Baiting the Scammers

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A rather ingenious idea came in from reader Dan this week and to be honest, I’m kind of disappointed in myself for not thinking of it first.

Dan writes:

Hi guys,

I’m an occasional visitor to your blog. I like how you cut through the crap to find real opportunities, even though I’m too apathetic to actually pursue any of them.

I have a suggestion if you are interested in keeping abreast of the latest scams: post a resume on careerbuilder.com. I’m currently looking for a job and have posted resumes on several sites, but apparently most of them are good at keeping scammers from creating employer accounts and downloading resumes. Not careerbuilder–it’s seems to be green pastures for scammers to run amok.

On careerbuilder.com I get 3 or 4 offers a day for payment processing, data entry, and insurance sales jobs. Yeah I know the sales one might not be a scam but it’s still slimy since I don’t have any sales experience and didn’t indicate an interest in sales. Probably some MLM crap.

On the other hand, you might want to focus on GOOD opportunities rather than scambusting. But I have to admit, I find the scambusting more entertaining.

Thanks for the great site, keep it up!

Great advice, right? This has been my project for the week. I’ve created a few fake resumes with personalities I feel would be most likely to get scammed. I have a resume for a stay at home mom looking for telecommuting work and a fresh out of college graduate looking for his first job.

I’ll be collecting names, email addresses, and phone numbers and will post them to the blog. I’m also working on a few pages which outlines and details the biggest scams running around today. That way I can just link to those pages instead of typing the same old scam explanation with each post.

I think my inbox is about to get flooded.

Wish me luck.

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2 Comments

  1. I and several people I know have tried Careerbuilder, Yahoo Hot Jobs & Monster and all received 99% SCHEME Job Offers and the 1% was from companies that was not in any relation to the information we had on our resume. I was lucky I didn’t have to pay to post my resume on these sites at that time , but I did have to change my email address. Even after I asked them to take my information off their sites several times I was still getting bombarded by numerous SCHEME Job Offers as well as other SCAM SPAM. Granted everybody needs to watch out for themselves and always check any company out first before responding or doing what their asking you to do, but if a company is advertising these SCHEME Job Postings and letting these SCAMMERS contact people using their sites they still should check them out too before hand. These sites have a after the fact department for fraud-scam-scheme posted on their sites but will not check on them before hand because they say there are too many to check before advertising or letting so called legitimate companies see peoples information on their site. It just sounds like whoever pays their fee will be able to advertise and use their list to contact people on their sites regardless if their legitimate or not. To me any good company will check out anything before advertising, promoting or selling any product-service to their customers and not let anybody who just pays to be linked to them, otherwise sooner or later you won’t have anybody using your company. What’s even more funny (not ha ha) is that when you do alert them to these SCHEMES-SCAMS-FRAUDS they will take it off but then a few days later the same thing is posted with a different phone number or a slight name change. So these things will always be associated with these sites and it doesn’t seem they really care as long as they are getting paid by these SCHEMES-SCAMS-FRAUDS. Also you have to BEWARE of the sneaky Job offering companies that go to these sites Job conventions and steal your information then contact you saying so and so gave us your information. Then try to get you to come to their Job convention-website-office with false claims of their years of experience, but when you websearch them you find out they were a used car sales company a couple years ago.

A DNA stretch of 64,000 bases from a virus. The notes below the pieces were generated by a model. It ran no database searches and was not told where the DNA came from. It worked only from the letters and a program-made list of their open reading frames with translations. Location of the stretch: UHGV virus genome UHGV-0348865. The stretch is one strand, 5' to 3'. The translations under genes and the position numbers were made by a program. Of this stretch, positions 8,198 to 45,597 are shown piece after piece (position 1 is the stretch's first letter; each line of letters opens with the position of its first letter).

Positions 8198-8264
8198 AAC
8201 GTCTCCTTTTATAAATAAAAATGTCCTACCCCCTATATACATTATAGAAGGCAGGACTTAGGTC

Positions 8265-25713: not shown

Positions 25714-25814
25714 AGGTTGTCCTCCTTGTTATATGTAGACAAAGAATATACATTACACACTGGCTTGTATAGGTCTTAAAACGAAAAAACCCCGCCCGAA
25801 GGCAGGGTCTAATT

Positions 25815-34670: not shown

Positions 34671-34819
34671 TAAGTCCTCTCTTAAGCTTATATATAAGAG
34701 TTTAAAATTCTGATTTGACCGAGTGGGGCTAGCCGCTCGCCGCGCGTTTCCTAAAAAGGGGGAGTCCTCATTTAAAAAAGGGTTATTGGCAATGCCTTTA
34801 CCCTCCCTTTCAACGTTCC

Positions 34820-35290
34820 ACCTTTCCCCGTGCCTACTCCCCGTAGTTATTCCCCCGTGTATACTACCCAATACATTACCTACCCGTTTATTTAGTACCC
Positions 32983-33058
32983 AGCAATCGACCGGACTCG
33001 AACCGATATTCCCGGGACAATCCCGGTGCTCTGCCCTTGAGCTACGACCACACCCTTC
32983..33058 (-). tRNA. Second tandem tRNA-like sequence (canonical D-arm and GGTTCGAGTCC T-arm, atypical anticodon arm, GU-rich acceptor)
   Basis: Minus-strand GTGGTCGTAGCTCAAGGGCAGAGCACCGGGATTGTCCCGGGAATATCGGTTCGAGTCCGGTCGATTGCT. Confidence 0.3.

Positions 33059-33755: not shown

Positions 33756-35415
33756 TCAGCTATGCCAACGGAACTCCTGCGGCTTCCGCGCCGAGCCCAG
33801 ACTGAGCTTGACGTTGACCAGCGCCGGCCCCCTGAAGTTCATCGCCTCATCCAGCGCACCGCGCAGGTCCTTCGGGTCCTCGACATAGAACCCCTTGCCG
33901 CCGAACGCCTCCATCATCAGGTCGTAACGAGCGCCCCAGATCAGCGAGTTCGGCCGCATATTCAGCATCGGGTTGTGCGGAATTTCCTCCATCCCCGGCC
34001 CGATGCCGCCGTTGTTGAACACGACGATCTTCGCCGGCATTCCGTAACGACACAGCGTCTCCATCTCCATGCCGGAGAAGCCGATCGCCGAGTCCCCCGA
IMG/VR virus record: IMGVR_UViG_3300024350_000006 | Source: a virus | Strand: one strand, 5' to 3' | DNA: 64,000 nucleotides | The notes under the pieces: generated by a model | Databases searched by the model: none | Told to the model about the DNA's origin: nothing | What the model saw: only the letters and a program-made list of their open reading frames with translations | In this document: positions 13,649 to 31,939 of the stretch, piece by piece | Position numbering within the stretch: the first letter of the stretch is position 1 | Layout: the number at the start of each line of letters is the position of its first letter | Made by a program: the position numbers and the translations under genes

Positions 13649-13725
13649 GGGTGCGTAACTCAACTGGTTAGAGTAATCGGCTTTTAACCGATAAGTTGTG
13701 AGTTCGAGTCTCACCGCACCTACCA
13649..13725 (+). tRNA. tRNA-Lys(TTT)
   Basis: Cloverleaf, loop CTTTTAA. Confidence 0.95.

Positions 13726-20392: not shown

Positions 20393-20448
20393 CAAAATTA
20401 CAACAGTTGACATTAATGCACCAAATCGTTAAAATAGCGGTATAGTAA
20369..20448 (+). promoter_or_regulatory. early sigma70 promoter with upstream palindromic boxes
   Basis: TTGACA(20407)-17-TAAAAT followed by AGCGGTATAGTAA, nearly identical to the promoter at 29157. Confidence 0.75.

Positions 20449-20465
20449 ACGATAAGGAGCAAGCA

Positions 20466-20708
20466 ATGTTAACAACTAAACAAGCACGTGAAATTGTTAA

Maybe these sites did find some people jobs and it did good for some but the major percentage of people who tried these sites have not had legitimate job offers by all the complaints you can find on the internet. Like the other post said not everybody is looking out for your best interest and it is up to you to check out things before you do anything is the best advice. It’s like anything you want to buy we always check it out first before , so it’s not any different here.

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  2. CareerBuilder does alright with what they do. A person needs to be careful, I have received several job offers for an life insurance agent, my resume has the nothing to do with insurance or sales. I also noticed on their site certain job posting are really “college” or “certification” promotions. Again; the reader must look out for themselves, no one else will. Good luck with not getting scammed with the telecommute position. Craig’s list has many of these types and I have not found one to be legit.

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